From Time to Time (2009) – A Duel Timeline BBC Production

June 19, 2012 11 Comments
From Time to Time

One of the sweeter productions from the Brits, I cannot help but think From Time to Time, an underrated gem, never did reach its full potential.

The Oldknow family name is facing ruin. This is all thanks to the beauty, Maria (Carice van Houten) who snags the Captain’s attention, and his indulgence of her. Not a proper English woman, Maria’s heritage is one without fortune. As a result some twenty years and two children later, she still fights for acceptance as the wife of Captain Oldknow (Hugh Bonneville).

Gone a great deal of the time, the Captain is often unaware of what goes on in his household. Unable to prevent his wife’s gambling habits, he fiercely protects his young daughter (Eliza Hope Bennett). A determined child, who was born blind. Then there is his sulking son, Sefton (Douglas Booth). The boy is a disappointment to his father and feeds off the misguidance of the family’s conniving butler Caxton (Dominic West). Little do any of them know the influence and distress he is yet to create.

This tale unravels through the eyes of young Tolly (Alex Etel) some years later. A descendant of the Captain’s family, Tolly’s England is embroiled in WWII. Only recently does he learn his father is missing in action. Desperate to find work, his mother sends Tolly to her husband’s old family estate and his grandmother (Maggie Smith). Tolly knows little of his grandmother give she was unhappy with her son’s choice of a bride. One thing he does remember is his father speaking fondly of his childhood home, and Tolly is desperate to hang onto memories.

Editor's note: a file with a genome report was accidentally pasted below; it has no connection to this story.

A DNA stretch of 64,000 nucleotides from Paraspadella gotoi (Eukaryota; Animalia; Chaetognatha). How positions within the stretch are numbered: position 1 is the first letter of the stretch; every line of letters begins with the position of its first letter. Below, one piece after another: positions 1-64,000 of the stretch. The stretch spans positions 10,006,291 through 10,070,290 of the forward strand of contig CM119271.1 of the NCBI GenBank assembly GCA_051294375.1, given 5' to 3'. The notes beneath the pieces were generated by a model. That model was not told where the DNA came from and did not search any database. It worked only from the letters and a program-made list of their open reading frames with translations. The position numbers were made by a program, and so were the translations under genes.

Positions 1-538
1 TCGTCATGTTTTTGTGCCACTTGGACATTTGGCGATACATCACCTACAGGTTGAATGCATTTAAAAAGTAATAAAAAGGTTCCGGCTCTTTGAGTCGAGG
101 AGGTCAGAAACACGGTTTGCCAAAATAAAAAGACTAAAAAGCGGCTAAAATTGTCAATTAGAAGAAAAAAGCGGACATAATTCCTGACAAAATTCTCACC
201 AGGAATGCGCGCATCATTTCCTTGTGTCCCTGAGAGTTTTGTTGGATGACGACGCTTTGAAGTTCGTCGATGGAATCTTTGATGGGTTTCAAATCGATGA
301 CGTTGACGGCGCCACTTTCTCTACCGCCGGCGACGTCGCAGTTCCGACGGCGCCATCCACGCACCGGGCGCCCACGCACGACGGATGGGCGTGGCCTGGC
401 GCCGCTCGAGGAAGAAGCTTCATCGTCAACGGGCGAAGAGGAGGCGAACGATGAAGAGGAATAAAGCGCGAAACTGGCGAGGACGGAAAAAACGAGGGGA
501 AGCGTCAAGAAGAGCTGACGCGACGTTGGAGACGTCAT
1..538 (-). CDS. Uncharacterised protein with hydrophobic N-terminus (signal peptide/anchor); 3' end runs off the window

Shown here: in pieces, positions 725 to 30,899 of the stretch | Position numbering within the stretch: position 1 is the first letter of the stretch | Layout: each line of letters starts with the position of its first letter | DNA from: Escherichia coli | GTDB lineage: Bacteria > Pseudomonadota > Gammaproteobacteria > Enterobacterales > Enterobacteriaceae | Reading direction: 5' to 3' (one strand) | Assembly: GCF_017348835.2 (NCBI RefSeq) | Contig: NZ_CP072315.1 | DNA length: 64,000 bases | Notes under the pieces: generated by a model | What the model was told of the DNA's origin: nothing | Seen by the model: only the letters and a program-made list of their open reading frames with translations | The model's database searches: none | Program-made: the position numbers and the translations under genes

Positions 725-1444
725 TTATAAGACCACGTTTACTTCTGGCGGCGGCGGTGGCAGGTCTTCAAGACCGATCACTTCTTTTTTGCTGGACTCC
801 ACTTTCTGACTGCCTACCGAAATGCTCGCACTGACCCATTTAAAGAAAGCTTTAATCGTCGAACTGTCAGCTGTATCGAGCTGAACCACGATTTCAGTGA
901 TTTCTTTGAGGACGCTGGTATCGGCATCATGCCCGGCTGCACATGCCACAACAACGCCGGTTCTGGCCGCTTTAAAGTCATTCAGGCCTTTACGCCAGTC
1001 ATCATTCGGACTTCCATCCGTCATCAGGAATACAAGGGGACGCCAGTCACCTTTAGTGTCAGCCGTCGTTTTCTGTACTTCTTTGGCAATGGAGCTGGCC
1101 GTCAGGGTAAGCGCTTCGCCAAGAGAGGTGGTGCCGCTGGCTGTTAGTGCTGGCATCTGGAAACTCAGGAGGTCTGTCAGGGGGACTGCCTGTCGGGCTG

Once at the estate, strange things begin to happen, and Tolly finds himself back in time uncovering the scandals of his family’s past.

This was one of those films that did not release in a timely manner in the states and subsequently passed in and out of importance. I’d read reviews, and did wish to see it at the time. More recently I happened to spot it at the rental store, and seized the opportunity to finally get a look at it. The end result is simple in that I do not regret renting it but it also disappoints. So many of its quaint vignette plot lines make it hard to really appreciate every nuance or point the story itself is trying to make.

Penned by screenplay writer Julian Fellowes, much of this movie is true to his unique style – it is quite easy to spot his signature approach. The script isn’t bad (Maggie Smith in particular has some good zingers) but it’s not properly put to the screen. The mystery keeps us intrigued as does the back-and-forth between eras but I am not sure that alone was enough. Fellowes also directs and produces this one, and I think lacks in the end. There isn’t that spark it needs to be a truly “great” or unforgettable movie to watch over and over again. Plus, somehow the pace is terribly lacking. As a result, the film drags more than it should have given the potential its plot had.

Nearly all is forgiven by the appearance of a phenomenal cast! Before Downton Abbey, Hugh and Maggie star in this little movie, although they share no scenes together. Other cast members include Pauline Collins and Timothy Spall, and it’s fun to see Booth in something prior to his role as Pip in the latest Great Expectations. British productions are amazing, but it’s fun to watch just to make a game of finding the familiar faces. The costumes are pretty. The prettiest appear in the past story line instead of the present given it took place in a more carefree era that was accustomed to pretty things.